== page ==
July 2017 www.dugway.a rmy .mil PAGE 9 1952 This flooded aid station is believed to be in the Dog (later, Ditto) Area. Deep frozen ground covered in heavy snow, followed by capacity to drain. US Army Photo The role of this stoutly constructed building is unknown, but it received plenty of attention from sandbaggers during the January 1952 flood at Dugway Proving Ground, Utah. US Army Photo Water crept in around this door of an ammunition bunker in Carr Area in January 1952. Dugway has experienced five flash floods since its creation in 1942, but the 1952 flood was by far the worst. US Army Photo FACTORS MERGED TO CREATE DUGWAY FLOOD OF A flatbed Chevrolet sits axle deep in flood waters created by snow runoff and rain in January 1952 at Dugway Proving Ground, Utah. Look at all the raindrops striking the water! US Army Photo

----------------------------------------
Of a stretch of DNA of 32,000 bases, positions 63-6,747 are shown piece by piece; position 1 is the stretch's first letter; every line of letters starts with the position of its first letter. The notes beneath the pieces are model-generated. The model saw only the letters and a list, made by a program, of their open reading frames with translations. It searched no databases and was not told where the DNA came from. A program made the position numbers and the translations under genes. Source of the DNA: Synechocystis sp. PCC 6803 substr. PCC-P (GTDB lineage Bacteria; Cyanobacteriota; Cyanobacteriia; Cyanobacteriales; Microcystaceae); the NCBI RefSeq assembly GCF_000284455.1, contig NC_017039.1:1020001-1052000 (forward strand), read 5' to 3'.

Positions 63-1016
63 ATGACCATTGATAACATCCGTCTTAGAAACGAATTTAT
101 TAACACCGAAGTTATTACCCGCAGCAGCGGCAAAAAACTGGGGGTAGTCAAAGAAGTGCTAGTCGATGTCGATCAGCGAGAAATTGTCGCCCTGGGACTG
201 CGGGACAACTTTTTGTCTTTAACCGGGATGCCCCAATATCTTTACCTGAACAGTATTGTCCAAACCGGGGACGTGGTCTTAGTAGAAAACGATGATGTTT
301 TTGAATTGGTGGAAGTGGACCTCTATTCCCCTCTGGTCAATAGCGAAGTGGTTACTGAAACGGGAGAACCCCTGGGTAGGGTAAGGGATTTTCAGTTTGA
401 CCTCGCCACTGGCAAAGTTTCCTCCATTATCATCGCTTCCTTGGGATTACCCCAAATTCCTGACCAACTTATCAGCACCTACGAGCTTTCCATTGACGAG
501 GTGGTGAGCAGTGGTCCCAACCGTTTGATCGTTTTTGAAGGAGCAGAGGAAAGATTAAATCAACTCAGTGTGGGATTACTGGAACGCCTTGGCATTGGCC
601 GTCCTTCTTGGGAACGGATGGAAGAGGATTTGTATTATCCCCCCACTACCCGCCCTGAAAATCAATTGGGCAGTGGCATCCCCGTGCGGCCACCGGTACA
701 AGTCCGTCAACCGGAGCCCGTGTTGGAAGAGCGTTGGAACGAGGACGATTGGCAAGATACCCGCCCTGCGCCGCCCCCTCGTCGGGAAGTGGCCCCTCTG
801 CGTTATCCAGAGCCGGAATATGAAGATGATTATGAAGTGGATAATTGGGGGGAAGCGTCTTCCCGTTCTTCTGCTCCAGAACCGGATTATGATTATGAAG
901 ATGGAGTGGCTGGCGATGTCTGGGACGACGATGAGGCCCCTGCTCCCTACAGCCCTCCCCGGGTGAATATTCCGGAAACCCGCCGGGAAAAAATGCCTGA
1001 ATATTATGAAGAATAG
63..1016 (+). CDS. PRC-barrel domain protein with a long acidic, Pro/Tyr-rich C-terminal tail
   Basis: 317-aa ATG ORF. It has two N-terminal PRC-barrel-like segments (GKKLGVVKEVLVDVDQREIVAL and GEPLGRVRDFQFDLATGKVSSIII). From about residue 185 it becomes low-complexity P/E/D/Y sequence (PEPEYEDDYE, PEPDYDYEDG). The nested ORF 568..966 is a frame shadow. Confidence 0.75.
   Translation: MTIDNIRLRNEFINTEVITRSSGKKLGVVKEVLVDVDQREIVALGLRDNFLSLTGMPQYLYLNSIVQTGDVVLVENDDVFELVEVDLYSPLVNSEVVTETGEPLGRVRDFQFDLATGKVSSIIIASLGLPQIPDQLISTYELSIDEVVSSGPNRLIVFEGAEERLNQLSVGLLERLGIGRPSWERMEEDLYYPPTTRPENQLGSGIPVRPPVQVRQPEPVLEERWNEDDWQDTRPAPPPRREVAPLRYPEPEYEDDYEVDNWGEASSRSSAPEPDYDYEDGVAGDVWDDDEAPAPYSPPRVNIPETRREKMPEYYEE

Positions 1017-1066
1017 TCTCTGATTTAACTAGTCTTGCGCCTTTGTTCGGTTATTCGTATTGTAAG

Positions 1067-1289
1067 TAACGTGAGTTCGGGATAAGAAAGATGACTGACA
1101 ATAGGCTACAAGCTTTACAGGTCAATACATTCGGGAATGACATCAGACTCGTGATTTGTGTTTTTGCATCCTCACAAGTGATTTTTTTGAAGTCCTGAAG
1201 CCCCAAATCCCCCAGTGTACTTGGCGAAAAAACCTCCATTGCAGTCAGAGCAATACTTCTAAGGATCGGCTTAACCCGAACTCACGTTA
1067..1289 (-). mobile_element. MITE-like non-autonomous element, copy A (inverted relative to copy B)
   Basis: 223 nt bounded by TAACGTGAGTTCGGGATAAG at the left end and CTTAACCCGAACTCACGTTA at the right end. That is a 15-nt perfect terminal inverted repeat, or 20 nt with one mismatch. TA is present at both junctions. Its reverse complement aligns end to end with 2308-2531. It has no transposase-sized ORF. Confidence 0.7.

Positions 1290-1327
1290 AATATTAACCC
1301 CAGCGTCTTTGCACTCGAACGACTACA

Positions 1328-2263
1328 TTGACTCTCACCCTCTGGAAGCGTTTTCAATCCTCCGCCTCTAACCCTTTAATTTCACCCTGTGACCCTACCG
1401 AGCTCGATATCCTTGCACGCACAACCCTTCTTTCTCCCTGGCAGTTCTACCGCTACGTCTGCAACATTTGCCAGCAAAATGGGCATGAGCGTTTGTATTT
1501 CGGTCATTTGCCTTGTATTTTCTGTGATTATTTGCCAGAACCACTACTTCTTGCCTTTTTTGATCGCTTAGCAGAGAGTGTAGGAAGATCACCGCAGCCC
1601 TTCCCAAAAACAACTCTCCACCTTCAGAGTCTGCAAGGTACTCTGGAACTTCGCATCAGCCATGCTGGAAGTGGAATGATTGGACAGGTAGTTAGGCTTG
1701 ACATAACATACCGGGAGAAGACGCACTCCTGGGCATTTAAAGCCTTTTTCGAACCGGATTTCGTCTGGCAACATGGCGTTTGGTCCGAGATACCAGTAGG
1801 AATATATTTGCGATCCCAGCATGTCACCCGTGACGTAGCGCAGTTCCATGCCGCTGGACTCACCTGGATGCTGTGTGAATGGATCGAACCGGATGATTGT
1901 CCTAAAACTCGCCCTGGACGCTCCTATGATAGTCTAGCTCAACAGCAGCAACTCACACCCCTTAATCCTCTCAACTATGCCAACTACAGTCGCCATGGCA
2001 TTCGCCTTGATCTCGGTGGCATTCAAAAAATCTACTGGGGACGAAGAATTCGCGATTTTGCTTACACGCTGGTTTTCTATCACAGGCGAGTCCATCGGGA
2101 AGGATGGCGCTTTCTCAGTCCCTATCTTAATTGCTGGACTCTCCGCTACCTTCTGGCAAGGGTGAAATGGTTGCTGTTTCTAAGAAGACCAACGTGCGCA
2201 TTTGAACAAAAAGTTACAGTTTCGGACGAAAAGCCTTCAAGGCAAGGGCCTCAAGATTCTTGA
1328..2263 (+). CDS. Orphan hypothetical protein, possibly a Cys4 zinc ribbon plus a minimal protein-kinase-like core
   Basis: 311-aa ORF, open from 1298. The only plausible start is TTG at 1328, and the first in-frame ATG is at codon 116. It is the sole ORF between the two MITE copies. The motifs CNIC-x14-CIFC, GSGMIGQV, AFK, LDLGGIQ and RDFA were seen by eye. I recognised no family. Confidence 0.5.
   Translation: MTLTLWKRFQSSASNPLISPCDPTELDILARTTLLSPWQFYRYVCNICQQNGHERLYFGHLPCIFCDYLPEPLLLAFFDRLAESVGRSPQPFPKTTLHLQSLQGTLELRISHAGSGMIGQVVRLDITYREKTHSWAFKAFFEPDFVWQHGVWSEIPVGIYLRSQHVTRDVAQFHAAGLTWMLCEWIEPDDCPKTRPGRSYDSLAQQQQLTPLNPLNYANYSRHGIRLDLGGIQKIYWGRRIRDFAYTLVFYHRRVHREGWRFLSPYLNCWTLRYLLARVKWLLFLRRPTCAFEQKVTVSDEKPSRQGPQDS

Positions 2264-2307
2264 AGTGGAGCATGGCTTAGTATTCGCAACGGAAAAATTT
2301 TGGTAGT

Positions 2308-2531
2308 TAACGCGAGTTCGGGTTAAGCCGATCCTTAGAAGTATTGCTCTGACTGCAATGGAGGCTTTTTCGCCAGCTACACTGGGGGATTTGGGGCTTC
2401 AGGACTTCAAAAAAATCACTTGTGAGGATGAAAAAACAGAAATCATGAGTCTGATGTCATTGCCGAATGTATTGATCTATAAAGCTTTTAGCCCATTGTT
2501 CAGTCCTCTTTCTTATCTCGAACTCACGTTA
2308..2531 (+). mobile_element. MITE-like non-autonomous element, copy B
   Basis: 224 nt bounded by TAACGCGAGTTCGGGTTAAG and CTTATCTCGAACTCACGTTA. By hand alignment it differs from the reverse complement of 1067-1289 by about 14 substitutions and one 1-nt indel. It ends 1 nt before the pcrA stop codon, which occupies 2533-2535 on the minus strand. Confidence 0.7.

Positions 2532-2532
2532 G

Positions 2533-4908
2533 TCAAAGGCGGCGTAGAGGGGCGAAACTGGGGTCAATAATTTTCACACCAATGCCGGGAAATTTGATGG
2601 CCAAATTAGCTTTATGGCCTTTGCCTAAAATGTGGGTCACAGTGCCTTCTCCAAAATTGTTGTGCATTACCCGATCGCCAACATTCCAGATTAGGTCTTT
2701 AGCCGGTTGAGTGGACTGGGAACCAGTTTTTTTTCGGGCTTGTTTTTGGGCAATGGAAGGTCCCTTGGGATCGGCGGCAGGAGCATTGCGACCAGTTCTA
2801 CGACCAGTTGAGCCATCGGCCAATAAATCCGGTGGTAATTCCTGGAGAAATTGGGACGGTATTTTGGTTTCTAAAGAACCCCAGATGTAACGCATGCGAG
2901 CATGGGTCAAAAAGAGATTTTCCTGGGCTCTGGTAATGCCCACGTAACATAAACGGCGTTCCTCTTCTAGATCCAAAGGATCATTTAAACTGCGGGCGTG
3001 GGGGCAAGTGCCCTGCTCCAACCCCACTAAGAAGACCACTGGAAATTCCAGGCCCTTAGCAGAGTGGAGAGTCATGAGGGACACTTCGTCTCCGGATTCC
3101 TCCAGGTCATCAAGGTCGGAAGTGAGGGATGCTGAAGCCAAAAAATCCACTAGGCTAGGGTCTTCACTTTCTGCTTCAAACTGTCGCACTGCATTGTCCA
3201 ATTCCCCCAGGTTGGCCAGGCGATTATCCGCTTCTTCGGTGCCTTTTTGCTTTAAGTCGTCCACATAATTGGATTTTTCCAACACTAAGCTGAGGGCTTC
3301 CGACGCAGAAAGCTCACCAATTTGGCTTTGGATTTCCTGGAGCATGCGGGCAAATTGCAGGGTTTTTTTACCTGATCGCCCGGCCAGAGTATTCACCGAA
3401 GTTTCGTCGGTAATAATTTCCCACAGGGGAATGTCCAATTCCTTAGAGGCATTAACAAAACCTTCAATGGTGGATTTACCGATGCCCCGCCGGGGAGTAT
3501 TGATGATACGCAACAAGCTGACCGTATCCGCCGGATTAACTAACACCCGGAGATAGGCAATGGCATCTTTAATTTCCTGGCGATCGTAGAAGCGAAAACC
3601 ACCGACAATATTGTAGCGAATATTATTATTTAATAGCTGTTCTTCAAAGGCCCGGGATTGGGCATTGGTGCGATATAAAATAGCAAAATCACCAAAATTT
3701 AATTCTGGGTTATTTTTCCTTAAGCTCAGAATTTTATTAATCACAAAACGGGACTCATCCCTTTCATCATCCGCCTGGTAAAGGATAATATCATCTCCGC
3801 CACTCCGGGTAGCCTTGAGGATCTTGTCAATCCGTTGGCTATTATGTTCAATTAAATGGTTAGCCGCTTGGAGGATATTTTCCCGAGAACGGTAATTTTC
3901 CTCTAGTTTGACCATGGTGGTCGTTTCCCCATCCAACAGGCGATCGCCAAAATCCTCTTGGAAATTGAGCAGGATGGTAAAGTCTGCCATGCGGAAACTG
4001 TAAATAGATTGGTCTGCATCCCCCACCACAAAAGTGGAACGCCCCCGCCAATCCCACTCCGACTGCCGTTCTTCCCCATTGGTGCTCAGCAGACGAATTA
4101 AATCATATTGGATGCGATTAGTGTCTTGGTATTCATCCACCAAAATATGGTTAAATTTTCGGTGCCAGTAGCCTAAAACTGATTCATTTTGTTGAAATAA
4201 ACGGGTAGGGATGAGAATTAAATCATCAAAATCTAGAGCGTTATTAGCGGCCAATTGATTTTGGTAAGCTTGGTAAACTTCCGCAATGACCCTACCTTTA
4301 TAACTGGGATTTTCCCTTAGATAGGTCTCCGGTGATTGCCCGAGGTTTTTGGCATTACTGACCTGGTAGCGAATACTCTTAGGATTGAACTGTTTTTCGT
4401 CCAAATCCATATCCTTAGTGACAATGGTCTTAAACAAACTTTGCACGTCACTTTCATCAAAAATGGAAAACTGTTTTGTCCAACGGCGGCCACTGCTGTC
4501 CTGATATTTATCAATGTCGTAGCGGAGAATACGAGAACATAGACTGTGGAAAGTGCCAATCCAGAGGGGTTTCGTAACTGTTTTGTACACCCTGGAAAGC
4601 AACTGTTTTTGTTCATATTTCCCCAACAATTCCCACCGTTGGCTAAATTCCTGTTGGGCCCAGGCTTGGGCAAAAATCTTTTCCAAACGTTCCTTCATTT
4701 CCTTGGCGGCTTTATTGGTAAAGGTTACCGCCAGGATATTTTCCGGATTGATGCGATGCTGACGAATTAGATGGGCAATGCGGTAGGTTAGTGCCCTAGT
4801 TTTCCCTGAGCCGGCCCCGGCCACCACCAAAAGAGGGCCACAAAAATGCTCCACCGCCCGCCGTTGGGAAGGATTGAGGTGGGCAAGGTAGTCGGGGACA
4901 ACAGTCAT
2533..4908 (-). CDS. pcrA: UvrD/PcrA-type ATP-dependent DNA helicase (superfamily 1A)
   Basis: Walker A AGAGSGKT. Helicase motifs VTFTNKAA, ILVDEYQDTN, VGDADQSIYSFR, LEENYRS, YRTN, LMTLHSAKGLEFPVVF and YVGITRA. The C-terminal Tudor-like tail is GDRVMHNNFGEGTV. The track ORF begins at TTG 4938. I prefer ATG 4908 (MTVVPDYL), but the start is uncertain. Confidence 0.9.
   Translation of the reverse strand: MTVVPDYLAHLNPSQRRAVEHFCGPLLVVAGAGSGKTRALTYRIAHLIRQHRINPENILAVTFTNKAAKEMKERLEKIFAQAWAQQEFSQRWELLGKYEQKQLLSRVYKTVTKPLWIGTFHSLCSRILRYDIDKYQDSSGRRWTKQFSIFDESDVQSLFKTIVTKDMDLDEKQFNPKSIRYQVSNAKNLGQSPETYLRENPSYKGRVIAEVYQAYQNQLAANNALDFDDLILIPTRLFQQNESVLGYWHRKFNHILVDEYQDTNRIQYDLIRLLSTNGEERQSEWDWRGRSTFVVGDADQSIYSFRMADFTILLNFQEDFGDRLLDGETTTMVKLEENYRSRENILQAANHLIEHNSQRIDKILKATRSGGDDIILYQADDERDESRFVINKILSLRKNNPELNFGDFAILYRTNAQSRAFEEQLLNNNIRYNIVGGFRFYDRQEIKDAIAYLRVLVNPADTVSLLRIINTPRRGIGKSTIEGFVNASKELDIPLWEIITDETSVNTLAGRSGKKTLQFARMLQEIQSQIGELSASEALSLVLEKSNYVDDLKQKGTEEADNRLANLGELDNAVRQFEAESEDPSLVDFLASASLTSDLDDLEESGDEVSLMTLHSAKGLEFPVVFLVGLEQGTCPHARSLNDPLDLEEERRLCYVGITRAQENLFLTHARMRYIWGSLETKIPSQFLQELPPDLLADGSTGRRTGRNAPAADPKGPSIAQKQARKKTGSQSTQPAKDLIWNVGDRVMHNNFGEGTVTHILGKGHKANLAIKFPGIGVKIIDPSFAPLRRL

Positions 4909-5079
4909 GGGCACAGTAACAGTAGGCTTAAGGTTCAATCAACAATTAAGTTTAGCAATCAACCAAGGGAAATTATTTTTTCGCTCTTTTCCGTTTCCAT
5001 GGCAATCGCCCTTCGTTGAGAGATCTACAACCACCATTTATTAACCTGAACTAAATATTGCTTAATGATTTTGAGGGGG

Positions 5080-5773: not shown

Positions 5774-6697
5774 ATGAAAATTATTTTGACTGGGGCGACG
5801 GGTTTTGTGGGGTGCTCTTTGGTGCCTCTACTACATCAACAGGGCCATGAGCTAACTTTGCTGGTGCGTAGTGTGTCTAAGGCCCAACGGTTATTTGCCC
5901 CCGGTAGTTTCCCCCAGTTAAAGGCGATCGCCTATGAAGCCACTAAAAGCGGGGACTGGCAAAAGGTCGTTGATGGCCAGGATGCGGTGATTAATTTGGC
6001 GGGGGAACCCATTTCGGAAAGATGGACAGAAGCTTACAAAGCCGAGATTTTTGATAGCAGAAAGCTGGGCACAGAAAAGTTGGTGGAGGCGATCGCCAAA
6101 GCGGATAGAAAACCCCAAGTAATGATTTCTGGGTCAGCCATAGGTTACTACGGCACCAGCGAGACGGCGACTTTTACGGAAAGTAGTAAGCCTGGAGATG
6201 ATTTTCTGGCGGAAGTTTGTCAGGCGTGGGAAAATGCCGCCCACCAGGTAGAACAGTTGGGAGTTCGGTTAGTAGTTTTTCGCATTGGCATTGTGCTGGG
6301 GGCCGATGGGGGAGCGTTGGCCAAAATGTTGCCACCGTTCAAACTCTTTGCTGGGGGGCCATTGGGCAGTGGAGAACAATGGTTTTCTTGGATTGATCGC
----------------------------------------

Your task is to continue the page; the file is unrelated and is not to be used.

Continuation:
July 2017 SUNDAY MONDAY TUESDAY WEDNESDAY THURSDAY FRIDAY SATURDAY 1 2 3 4 5 6 7 8 9 10 11 12 13 14 15 16 17 18 19 20 21 22 23/30 24/31 25 26 27 28 29 Please share The Dispatch with family, friends, acquaintances or anyone who might be interested in news and happenings at Dugway Proving Ground. News, information or comment may be submitted to: DISPATCH Published bi monthly by the Public Affairs Office, Dugway Proving Ground. While contributions are solicited and welcomed, Dugway PAO reserves the right to edit all submitted materials and make corrections, changes or deletions to conform with the policies of this The Editor, Dispatch, Dugway Proving Ground TEDT DP PA MS#2 5450 Doolittle Ave. Dugway, UT 84022 5022 Phone: (435) 831 3409 DSN 789 3409 Email to: firstname.lastname@example.org Commander: COL Sean G. Kirschner Chief, PAO/Editor: Robert D. Saxon Public Affairs Specialist: Al Vogel Public Affairs Specialist: Bonnie Robinson Layout & Graphics: Robert Rampton Video & Web: Darrell Gray Currently playing on the Dugway YouTube Channel www.youtube.com/channel/UCPjFlEBY7j7ay6m7FouadqQ LGBT Pride Month Observance Army Birthday Observance New Firefighter Training Facility Garrison Town Hall Meeting July 2017 www.dugway. arm y.mil PAGE 10 COMMUNITY CALENDAR